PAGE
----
Should You Keep This After Your Baby Is Born?

Should You Keep This After Your Baby Is Born?

The decision could help save someone’s life.

As medical science advances, more and more pregnant women and their families are pondering a new question as they prepare to deliver: should I save my baby’s umbilical cord blood?

Nikola A. Letham, DO, an OBGYN with Virginia Women’s Health at LewisGale Hospital Montgomery in Blacksburg, Virginia, has guided numerous patients through the process of cord blood banking. He’s interested in helping women and families become aware of the ins and outs of the procedure so they can make decisions that makes sense for them.

What is cord blood and why is it valuable?
The blood that remains in the umbilical cord and placenta after the baby’s delivery is a source of stem cells, technically called “hematopoietic stem cells.” Because of their regenerative power, these cells have the potential to develop into a variety of tissues in the body, and they can be used to treat certain diseases, including blood and immune disorders. They also have the benefit of being more versatile and better tolerated in patients than transplants of conventional bone marrow.

While the cord blood, umbilical cord and placenta are typically discarded after your child is born, you may choose to preserve, or “bank” the blood in hopes it may be used to treat diseases in the future.

How is cord blood banked?
Sometime in the third trimester, if you’ve decided to bank your baby’s cord blood, you’ll order a special kit that contains everything your healthcare provider will need to preserve the sample.

“When the patient comes to the hospital, along with bringing the kit, they need to make the staff aware that it’s their intention to do cord blood banking,” says Dr. Letham. A special blood sample will also need to be taken from the mom-to-be.

Immediately after your baby is born, your OBGYN or midwife will clamp the umbilical cord, clean it, and draw out a portion of blood—40 milliliters or more—using a needle, which then drains into a bag. “Some of the cord blood banking companies also allow for a segment of the umbilical cord to be collected as an additional source of stem cells,” says Letham.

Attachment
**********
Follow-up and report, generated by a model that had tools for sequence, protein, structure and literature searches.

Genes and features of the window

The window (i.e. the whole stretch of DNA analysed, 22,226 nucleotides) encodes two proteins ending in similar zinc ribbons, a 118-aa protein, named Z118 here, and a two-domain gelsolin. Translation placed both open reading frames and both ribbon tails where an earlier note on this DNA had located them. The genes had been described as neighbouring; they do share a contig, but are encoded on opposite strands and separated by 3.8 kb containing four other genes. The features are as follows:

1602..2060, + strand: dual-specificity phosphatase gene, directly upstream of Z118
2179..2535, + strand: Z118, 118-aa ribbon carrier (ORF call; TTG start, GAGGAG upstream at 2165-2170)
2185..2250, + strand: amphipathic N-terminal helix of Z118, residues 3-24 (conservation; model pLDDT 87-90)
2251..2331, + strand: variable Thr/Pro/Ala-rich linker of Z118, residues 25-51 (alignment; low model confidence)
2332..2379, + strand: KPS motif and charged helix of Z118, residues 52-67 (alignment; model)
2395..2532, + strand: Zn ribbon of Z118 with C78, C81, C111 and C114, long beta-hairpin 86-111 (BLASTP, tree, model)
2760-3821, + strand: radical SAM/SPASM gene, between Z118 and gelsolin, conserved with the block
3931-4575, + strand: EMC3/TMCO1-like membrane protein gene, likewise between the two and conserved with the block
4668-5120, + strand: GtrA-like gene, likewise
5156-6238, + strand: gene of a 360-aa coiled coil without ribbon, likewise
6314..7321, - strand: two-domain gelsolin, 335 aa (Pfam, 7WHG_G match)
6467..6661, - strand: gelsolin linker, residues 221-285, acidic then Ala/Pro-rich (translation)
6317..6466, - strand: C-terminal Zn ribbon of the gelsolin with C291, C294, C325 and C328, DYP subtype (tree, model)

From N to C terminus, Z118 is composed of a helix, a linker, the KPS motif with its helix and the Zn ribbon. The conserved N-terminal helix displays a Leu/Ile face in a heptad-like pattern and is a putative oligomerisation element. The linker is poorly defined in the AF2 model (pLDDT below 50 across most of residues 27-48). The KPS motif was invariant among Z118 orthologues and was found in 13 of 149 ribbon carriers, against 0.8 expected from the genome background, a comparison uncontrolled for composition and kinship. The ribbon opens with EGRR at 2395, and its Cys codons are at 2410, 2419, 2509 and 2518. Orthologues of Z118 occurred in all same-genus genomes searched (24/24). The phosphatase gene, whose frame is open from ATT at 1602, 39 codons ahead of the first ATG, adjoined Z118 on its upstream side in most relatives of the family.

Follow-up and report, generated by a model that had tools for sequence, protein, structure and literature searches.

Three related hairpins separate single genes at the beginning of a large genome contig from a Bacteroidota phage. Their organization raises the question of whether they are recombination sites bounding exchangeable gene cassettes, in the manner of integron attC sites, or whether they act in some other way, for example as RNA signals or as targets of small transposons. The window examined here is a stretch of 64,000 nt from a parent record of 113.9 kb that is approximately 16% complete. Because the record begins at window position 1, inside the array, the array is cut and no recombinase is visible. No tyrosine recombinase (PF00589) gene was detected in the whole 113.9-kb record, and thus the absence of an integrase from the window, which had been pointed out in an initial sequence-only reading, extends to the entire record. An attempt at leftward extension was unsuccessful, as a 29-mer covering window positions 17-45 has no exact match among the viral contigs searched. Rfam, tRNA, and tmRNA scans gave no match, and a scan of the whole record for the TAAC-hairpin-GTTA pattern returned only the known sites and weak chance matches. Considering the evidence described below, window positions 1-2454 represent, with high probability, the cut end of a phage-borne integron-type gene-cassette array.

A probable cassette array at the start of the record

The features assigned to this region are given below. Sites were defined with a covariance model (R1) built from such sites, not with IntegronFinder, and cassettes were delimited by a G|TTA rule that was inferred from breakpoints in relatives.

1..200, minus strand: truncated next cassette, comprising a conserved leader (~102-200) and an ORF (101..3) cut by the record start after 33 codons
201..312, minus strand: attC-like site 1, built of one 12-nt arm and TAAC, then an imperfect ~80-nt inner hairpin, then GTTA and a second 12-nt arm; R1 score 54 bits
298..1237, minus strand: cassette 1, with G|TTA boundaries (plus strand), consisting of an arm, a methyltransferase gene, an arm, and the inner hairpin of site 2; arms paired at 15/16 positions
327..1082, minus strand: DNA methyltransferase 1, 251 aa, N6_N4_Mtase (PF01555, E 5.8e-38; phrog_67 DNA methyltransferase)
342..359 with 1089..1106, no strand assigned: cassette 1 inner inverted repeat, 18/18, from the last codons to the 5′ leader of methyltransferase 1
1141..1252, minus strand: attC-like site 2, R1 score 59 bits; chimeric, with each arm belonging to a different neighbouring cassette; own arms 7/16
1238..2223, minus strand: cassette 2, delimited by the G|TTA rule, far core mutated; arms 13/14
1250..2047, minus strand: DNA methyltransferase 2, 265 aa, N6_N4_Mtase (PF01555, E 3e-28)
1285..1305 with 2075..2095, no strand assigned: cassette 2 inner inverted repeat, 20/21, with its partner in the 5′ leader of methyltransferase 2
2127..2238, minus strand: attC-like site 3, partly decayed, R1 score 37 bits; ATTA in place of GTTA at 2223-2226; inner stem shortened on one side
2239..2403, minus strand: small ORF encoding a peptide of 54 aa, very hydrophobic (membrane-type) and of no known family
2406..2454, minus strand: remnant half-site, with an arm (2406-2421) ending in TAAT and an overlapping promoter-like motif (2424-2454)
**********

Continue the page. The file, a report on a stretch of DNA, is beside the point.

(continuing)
The blood and sample (if taken) are then preserved in the kit, and the cord blood bank will make arrangements to have the kit shipped back.

If you elect to donate your baby’s cord blood to a public bank (more on that below), you’ll have alerted the bank and your doctor before your arrival at the hospital, and during your hospital stay, the public bank—working in concert with your doctor—will usually take care of shipping your sample.

Blood and tissues samples may be drawn either before or after the placenta is delivered, but in either case, the utmost care should be taken to ensure that the procedure does not interfere with the delivery of the baby. Cord blood can be extracted regardless of whether you’ve had a vaginal birth or a cesarean section.

What types of cord blood banking are there?
There are two main types: public and private.

Public banks collect and store cord blood for use by anyone with a medical condition that may benefit from a blood stem cell transplant. Some—though not all—hospitals throughout the country are certified to participate in public banking, so if you would like to donate cord blood to a public bank, you should verify beforehand whether your hospital and doctor participate.

As of 2017, there were 28 public cord banks in operation in North America. Some states require doctors to inform their patients about the public cord blood banking options available to them, while others do not.

When you donate a sample to a public bank, it becomes anonymized, so there is no way to trace the blood back to you or your child. “All the maternal information is shielded,” says Letham.

There is no cost to you to donate cord blood to a public bank. “But it’s important to recognize that as a patient doing public cord blood banking, you're not guaranteed access to those stem cells down the road,” Letham says. “They’re in the public domain.”

In other words, while the sample may be donated to help others with certain conditions or used in research studies, you will not be able to use the sample should you wish to donate it to a specific family member or loved one in need of a stem cell transplant.

Private cord blood banks, on the other hand, are for-profit companies that enable you to save a portion of your newborn’s cord blood for the exclusive use of your child, other family members or anyone else to whom you wish to donate the blood in case it’s needed in the future.

This privilege comes at a price. In addition to an initial fee that can run upwards of $2000, you pay a yearly storage fee that ranges from $100 to $175 per sample. Such fees are not typically covered by insurance.